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November
Exhibition at Science Museum challenges perceptions
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A collection of amazing eye-popping illusions that challenge common conceptions will be showcased at the Hong Kong Science Museum from tomorrow (November 26) to March 26, next year.

The special exhibition, "Optical Illusion", featuring structures and images that fool visitors' eyes and brains provide endless enjoyment, and fascinating insights to one of science’s greatest mysteries – how we think and perceive.

Speaking at the opening ceremony of the exhibition today (November 25), the Director of Leisure and Cultural Services, Ms Anissa Wong Sean-yee, said the Science Museum had been committing itself to popularise science knowledge. This exhibition provides an opportunity for people to have a better understanding of the human perceptual system through a series of deceptive and misleading illusions.

"On display includes a waterfall in which water drops hang, rise or zigzag across the air; a speeding model train that vanishes into nowhere; impossible objects and figures that defy common sense; static images and patterns that move and drift, pulsate and scintillate, and straight lines that wave and bend, as well as interactive items for visitors to experience different visual tricks."

"I believe these optical illusions will not only fascinate visitors but also enable us to think about the meaning of the adage 'Seeing is Believing'," Ms Wong said.

Most of us take vision for granted. We seem to do it so effortlessly. However perceiving images, objects and motion is a very complicated process.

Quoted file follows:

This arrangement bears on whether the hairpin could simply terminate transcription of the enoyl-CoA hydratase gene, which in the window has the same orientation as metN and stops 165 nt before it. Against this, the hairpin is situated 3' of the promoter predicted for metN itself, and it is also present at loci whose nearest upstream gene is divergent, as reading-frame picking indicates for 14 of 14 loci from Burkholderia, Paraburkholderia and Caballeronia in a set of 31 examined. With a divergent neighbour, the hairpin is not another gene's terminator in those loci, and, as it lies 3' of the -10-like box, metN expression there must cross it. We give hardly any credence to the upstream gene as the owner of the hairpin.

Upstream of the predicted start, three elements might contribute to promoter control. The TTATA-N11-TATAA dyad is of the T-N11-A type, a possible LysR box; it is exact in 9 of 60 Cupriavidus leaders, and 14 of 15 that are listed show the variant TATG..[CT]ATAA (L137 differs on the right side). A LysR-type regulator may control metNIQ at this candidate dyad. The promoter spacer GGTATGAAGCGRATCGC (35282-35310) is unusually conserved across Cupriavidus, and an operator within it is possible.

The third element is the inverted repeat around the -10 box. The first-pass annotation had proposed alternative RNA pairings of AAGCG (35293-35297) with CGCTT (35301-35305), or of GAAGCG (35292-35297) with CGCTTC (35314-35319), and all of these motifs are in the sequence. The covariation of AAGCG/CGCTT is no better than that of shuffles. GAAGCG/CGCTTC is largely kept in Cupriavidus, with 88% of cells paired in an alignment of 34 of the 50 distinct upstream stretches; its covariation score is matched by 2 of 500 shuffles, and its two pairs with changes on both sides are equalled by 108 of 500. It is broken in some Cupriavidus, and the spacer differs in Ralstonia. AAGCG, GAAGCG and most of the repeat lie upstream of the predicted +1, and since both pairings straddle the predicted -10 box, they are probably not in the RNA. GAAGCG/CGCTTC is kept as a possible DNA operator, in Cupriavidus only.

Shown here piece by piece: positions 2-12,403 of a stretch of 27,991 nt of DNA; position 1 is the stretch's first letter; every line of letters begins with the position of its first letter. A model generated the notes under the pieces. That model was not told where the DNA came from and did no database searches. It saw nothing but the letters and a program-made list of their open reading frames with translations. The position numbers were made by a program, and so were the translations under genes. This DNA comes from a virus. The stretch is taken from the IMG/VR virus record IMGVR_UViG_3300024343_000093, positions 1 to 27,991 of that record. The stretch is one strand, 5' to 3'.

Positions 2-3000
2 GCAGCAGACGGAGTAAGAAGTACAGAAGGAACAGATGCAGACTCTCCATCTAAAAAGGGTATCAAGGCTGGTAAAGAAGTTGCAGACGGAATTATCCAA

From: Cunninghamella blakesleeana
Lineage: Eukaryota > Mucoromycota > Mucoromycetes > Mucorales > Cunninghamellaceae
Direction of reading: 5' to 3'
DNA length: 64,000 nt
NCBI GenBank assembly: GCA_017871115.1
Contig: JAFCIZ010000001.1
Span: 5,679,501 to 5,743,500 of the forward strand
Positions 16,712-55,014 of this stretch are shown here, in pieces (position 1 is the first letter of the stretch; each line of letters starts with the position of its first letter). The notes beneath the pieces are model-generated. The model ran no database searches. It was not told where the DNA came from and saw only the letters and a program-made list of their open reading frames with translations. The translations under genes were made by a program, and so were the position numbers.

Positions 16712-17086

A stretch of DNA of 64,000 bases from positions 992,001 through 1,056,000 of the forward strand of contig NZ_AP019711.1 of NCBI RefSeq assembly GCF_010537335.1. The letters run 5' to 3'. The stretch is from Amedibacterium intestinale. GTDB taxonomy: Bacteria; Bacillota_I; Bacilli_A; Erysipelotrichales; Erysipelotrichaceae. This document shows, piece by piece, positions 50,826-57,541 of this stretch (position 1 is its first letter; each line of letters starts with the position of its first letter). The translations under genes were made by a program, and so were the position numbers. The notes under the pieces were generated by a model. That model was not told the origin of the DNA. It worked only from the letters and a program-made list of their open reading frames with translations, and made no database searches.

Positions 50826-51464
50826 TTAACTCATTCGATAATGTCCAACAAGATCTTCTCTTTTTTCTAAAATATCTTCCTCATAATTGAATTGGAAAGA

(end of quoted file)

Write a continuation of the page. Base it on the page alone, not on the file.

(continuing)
Visual perception is essentially an ambiguity solving process. Sometimes, an illusion occurs when there is not enough information in the image to resolve the ambiguity. For example, important clues that would normally be present to resolve the ambiguity are missing. Other illusions take place because an image violates a constraint based on an underlying regularity of our world. In other cases, illusions occur because two or more different constraints are in conflict. This means that our visual system can interpret the scene in more than one way.

For vision scientists, studying illusions is to understand normal vision processing and to reveal the hidden constrains of our perceptual system in a way that normal vision cannot. Vision science has become one of the most exciting areas in modern research.

To coincide with the exhibition and to celebrate the 15th anniversary of the Science Museum, a series of activities will be organised. Among which, a photo collection campaign will be held from now until January 31, next year. People are invited to contribute photos taken during their visits to the Science Museum. The photos collected will be built a large Photo Mosaic for display at the museum. For details, visit the Science Museum's website at http://hk.science.museum/ or call 2732 3223.

Admission to the "Optical Illusion" exhibition is $20 with half-price concession for full-time students, people with disabilities and senior citizens aged 60 or above. There is no free admission on Wednesdays.

The Science Museum is located at 2 Science Museum Road, Tsim Sha Tsui East, Kowloon. It is open from 1pm to 9pm from Monday to Friday, and from 10am to 9pm on Saturdays, Sundays and public holidays. On Christmas Eve and Chinese New Year’s Eve, the museum will close at 5pm. It is closed on Thursdays (except public holidays) and the first two days of the Chinese New Year.

For details of the exhibition and related programmes, visit the Science Museum's website. For enquiries, please call 2732 3232.

Ends/Friday, November 25, 2005
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